Jona Frank






The Modern Kids


“Although some of the most gentlemanly people I have ever met are boxers, for Jona to go into a boxing gym as a woman is a very rare thing. I used to visit a gym out in Las Vegas called Johnny Tocco’s that had a sign which read, No Women Allowed. But Jona’s boxers let her have this experience. They wanted to share their moment of glory with her, and she in turn made heroes of them in her photographs. These pictures will be placed on the mantles and the walls in their homes. People will take notice. Their hard work will matter.“

Bruce Weber

from the introduction of The Modern Kids


In 2010 a friend brought me to an amateur boxing gym near Liverpool in Northern England. From the minute I saw the interior of the gym with its yellow and red wall I knew I had to make portraits in front of it and I knew the boys would be amazing subjects.


Outside of the gym, I wanted to glimpse their lives, their girlfriends, their neighborhood-- to hint at the tough young man with his pretty girl, but also to stress the exaggerated contrast between masculine and feminine that is part of this culture.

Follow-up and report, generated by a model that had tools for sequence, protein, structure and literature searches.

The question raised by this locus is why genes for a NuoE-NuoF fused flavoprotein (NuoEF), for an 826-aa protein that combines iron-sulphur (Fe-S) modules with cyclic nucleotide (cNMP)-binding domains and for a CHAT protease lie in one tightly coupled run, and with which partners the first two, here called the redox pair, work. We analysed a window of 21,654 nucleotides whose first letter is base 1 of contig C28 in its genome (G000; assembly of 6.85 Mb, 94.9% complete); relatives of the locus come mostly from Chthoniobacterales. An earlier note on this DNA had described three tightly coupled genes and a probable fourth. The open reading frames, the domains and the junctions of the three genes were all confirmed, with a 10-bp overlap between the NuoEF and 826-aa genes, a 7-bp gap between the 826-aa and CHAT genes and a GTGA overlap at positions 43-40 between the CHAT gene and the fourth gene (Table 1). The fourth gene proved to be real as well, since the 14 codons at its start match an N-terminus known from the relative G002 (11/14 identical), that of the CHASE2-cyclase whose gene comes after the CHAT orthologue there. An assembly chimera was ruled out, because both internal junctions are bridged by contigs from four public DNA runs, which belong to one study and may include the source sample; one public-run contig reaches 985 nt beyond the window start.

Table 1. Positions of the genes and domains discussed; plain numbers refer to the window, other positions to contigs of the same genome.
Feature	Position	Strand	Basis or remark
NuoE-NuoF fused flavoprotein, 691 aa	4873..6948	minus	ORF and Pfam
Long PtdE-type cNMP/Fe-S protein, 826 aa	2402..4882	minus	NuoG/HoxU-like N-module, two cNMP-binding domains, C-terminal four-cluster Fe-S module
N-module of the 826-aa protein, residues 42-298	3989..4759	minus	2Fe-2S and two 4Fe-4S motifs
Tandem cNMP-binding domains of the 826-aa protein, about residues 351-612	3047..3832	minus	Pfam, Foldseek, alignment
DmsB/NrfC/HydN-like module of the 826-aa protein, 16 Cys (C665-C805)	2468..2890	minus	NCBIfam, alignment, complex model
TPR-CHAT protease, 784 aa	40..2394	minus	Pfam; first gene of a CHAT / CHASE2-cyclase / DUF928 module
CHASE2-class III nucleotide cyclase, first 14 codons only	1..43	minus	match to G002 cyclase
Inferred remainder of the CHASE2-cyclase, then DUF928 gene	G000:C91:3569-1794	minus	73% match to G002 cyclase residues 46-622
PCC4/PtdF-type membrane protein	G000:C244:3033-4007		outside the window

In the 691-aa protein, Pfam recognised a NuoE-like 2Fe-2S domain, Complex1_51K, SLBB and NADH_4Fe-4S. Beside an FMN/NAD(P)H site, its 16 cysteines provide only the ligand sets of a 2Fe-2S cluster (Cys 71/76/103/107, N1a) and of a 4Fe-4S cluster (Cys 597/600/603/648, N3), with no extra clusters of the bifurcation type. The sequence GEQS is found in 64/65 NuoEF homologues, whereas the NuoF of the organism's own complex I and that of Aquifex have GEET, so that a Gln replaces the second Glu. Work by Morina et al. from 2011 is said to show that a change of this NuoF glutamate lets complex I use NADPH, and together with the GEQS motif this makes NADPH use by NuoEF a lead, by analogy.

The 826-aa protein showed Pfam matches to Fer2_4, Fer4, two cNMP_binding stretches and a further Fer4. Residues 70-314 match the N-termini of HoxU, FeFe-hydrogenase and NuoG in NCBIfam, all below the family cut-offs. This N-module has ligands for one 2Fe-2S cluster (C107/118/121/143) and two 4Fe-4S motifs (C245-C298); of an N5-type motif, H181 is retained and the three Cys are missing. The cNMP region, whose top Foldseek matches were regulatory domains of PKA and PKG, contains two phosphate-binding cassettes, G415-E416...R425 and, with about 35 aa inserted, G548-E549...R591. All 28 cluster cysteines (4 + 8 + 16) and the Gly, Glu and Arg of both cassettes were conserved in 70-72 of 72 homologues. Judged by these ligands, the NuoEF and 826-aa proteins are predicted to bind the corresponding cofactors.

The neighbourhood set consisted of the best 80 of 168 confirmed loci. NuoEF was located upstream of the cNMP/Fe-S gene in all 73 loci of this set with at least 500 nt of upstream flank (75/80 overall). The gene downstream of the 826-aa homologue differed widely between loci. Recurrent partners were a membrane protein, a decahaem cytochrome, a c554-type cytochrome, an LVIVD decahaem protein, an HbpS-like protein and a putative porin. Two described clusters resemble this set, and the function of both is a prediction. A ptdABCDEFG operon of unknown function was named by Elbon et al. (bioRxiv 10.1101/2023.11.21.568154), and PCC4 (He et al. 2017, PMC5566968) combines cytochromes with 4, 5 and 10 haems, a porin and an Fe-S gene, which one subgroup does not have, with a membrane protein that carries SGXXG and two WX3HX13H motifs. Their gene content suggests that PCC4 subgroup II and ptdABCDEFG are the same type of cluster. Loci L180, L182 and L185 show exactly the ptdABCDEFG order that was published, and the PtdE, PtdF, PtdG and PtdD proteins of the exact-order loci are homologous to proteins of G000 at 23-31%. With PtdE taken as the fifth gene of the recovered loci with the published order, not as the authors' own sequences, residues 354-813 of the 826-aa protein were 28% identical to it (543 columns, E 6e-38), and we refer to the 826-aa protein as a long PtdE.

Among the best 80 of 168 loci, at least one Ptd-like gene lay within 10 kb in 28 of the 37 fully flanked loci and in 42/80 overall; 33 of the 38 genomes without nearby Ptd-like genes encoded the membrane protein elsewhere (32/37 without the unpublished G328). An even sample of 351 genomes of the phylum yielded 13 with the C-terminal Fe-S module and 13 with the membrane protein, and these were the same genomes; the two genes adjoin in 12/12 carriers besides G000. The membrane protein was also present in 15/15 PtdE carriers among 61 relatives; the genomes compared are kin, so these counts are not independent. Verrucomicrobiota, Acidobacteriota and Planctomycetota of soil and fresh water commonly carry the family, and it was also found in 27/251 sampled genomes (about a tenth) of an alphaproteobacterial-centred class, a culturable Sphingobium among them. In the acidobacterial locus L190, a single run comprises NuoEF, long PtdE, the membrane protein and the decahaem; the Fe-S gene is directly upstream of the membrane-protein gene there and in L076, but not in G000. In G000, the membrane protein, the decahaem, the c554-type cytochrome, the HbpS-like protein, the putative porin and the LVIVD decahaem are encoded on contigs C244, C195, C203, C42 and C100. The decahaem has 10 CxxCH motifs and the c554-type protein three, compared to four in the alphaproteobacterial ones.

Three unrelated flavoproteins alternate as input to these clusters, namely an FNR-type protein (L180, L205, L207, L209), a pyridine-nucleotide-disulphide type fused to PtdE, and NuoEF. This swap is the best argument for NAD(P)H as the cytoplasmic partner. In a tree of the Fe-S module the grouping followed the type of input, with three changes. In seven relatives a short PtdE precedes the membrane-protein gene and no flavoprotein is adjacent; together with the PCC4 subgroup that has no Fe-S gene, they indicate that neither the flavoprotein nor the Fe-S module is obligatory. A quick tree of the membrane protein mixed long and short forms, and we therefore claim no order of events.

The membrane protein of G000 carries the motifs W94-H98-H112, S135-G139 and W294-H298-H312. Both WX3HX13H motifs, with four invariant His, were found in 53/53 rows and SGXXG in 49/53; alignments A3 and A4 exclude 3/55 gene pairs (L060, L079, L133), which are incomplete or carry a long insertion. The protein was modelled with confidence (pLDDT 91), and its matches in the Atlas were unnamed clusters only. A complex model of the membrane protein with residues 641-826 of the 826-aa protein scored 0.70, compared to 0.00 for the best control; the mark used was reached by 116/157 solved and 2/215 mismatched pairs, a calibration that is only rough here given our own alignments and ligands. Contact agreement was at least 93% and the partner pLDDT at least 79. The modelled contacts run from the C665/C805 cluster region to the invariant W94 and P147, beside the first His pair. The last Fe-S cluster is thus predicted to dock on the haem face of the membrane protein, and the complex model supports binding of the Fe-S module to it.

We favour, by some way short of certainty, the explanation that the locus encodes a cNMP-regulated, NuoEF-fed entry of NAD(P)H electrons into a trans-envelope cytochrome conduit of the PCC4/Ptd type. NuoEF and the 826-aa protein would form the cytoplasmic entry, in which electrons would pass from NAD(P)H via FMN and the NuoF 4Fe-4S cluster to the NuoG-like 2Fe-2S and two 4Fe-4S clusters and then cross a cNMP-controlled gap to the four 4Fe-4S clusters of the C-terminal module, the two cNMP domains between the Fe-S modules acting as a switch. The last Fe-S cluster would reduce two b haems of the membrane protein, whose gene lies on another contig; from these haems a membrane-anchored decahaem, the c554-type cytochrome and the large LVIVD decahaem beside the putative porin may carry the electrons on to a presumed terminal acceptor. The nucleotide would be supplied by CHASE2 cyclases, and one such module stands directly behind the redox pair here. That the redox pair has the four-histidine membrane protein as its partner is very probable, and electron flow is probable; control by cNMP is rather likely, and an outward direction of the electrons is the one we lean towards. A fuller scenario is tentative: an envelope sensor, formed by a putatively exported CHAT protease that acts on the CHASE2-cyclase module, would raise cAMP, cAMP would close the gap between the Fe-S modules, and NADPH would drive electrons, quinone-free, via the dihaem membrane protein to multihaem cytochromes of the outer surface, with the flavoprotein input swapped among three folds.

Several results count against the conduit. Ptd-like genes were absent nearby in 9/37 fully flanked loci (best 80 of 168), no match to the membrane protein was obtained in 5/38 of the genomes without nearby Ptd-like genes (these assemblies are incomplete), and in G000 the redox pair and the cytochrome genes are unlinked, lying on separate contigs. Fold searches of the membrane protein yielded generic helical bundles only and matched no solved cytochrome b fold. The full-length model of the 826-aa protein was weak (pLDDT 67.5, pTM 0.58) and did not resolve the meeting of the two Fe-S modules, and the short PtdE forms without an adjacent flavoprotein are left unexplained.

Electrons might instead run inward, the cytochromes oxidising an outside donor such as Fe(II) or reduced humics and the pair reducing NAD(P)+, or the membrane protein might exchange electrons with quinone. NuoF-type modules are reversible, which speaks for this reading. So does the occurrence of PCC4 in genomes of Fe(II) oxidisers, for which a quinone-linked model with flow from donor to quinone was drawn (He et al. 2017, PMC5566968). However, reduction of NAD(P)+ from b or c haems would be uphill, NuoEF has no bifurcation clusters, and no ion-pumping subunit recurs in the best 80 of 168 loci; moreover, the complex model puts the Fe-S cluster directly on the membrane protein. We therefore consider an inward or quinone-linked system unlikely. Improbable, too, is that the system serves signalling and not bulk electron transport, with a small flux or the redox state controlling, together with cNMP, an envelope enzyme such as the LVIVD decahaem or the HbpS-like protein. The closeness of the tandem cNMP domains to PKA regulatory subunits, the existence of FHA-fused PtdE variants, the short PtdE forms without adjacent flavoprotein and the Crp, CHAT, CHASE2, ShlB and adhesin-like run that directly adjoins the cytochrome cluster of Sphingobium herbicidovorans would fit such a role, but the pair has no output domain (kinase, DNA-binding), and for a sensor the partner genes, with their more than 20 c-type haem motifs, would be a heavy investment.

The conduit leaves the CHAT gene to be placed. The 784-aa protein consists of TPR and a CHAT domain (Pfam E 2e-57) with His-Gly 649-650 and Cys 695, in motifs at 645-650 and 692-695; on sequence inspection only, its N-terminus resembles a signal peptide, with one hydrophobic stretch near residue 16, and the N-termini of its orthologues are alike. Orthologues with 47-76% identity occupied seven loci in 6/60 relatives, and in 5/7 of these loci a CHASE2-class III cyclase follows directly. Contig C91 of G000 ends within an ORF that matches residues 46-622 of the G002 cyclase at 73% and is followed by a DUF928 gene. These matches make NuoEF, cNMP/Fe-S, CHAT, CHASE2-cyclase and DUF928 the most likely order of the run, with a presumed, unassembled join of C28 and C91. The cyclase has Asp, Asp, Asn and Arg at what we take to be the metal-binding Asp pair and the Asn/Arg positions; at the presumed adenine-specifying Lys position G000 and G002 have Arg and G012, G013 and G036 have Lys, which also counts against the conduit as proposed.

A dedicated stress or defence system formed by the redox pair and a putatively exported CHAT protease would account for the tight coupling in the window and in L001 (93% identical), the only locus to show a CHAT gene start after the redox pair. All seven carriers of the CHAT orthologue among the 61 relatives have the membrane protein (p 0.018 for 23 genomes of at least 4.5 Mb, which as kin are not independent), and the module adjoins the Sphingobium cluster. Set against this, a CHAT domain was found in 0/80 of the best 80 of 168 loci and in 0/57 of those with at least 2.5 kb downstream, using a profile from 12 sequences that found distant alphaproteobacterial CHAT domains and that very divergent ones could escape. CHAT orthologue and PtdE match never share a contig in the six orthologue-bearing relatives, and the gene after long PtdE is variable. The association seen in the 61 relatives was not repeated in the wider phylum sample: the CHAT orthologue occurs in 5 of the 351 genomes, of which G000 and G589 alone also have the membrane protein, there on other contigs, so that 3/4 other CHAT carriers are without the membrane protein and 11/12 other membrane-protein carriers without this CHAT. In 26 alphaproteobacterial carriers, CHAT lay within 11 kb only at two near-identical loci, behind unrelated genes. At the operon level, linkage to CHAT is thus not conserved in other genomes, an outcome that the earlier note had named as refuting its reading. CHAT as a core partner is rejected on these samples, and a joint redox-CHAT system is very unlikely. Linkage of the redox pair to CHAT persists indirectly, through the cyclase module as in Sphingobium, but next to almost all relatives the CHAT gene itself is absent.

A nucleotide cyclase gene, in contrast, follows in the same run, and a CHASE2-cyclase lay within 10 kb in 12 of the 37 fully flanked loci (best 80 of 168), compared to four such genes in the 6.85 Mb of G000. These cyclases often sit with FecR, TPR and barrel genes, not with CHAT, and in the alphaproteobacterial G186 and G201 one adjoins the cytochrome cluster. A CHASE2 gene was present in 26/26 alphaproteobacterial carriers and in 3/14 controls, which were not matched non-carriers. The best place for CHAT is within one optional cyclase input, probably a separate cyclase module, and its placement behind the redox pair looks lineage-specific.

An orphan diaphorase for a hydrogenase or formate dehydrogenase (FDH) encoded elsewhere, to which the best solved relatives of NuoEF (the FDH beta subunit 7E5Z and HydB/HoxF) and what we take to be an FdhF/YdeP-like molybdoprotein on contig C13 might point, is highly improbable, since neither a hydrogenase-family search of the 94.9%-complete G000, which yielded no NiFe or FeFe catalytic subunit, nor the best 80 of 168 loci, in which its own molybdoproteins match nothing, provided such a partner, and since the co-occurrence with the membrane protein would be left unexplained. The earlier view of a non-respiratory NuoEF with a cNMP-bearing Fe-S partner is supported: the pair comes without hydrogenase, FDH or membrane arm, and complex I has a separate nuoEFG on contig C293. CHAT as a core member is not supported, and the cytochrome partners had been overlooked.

Much of my work is about adolescence and the developing identity of a person. In The Modern Kids, my third monograph, I set out to show the grit and toughness of the boys, as well as the courage it takes to get in the boxing ring where it is constant movement and focus. After the fights the boys shared their victories and their defeats, their moment of glory. I wanted you to feel their struggle, their sweat, their intensity.


In some ways, it’s a beautiful metaphor for making a portrait. Not that I have to endure the sting of being hit, but my work is about an exchange between two people and, while there is no winner or loser in photography, success comes from judging when that moment is right. And, it’s not just about what happens IN the ring. It’s about what happens before -- how you take the person in emotionally, connect with them and observe.